When Clint Mathis was seven years old, his older brothers, Phil
and Andy, made a rule: Young Clint could play soccer with them in
their Conyers, Ga., neighborhood, but only if he used his left
foot exclusively. "They didn't want me to grow up playing just
right-footed," says Clint, the new It boy of American soccer.
Those days yielded comical scenes, as the towheaded kid in the
blue-and-white-striped Diego Maradona jersey scampered madly to
use his left. "Right foot!" his brothers would say when Clint
cheated, followed by, "Sit down!"
Lately those lessons have been paying off as Mathis, 24, has fast
become the first MLS-bred American star, an ambipedal forward
whose growing collection of highlight-reel goals has inspired
adoring New York/New Jersey MetroStars supporters to worship him
with religious fervor (his fan club is called the East Rutherford
Mathodist Church) and to break out in rapturous song (to the tune
of Guantanamera): There's only one Clint Mathis!/There's only one
Clint Mathis!/Only one Clint Maaaaa-this!
As of Sunday, Mathis was leading MLS with six goals in five
matches, and he's always a threat to score in bunches; last
season he set a league single-game record with five goals against
the Dallas Burn. In scoring a hat trick last week in a 4-1
victory over the Kansas City Wizards, he used his head, his right
foot and--you guessed it--his left. Beyond his heroics in MLS,
Mathis has had two goals and four assists in four World Cup
qualifying games while leading the Americans to a 3-0 record in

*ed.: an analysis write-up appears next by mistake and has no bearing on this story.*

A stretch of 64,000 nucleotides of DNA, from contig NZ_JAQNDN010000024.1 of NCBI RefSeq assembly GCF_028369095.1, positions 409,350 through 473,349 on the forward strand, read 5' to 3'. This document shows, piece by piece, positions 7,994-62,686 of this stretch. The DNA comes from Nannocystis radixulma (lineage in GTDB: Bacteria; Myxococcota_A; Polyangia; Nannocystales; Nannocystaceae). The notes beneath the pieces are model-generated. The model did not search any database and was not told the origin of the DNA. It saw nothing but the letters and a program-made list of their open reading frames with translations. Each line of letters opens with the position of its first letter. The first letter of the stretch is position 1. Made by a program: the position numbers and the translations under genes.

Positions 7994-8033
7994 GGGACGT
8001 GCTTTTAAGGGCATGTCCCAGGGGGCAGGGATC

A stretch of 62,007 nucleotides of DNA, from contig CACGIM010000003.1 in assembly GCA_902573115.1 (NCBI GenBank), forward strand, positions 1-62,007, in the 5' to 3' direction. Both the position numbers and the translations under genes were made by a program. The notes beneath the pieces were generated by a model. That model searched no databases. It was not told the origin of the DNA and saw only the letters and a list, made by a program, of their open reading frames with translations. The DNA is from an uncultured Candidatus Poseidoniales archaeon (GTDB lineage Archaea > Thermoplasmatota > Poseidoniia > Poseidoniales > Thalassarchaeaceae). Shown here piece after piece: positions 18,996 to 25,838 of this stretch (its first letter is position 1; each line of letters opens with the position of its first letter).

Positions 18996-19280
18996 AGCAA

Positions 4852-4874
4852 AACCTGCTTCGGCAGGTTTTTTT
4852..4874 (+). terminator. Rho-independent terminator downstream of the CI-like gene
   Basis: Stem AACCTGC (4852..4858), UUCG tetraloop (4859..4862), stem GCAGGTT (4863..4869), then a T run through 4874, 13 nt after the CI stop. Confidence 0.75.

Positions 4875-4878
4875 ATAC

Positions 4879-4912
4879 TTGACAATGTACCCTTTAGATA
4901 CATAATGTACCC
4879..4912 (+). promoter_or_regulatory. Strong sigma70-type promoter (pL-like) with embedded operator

the region's final 10-game tournament.
Just as important, the quality of Mathis's goals matches their
quantity. Two weeks ago he embarked on a breathtaking 60-yard
slalom run past three Burn defenders for one of the most
electrifying strikes in U.S. soccer history. The goal, replays of
which were aired worldwide (and which can be seen at mlsnet.com),
evoked heady comparisons to Maradona. "I try to play on
instinct," says the soft-spoken, twangy-voiced Mathis. "I just
go. The moment I start thinking on the field is the moment I
start messing up."
"He's got so much confidence right now," says MetroStars captain
Tab Ramos. "Taking people on with the ball at your feet is the
hardest thing in the game. Clint has the full package--the flair,
the ability to change speeds--and I don't think any American
player has ever had that at age 24."
What's more, like many other top forwards, Mathis has a sense of
the dramatic, often disappearing for long stretches of games,
only to swoop onto the scene like a superhero when he's most
needed. During a Cup qualifier in Honduras in March, he played so
poorly that coach Bruce Arena let loose a stinging philippic at
halftime. "One of my worst games ever," says Mathis. "I might
have made two good passes." In the dying minutes, though, he
curled a world-class free kick over the Honduran wall and into
the net, giving the Americans a stunning 2-1 victory.
When Mathis left the field that night, Arena could only shake his
head and smile. "As a coach you pull your hair out," he says.
"Clint's completed pass percentage is the lowest on the team, and
he underperforms in a lot of statistical areas except the one
that matters most: He's involved in the plays that make a
difference. That's called genius. He has a lot of creative ideas
out there, and you have to allow that to blossom."
Mathis can throw a football 60 yards, but his brothers decided
the sport was too dangerous for him, so he stuck with soccer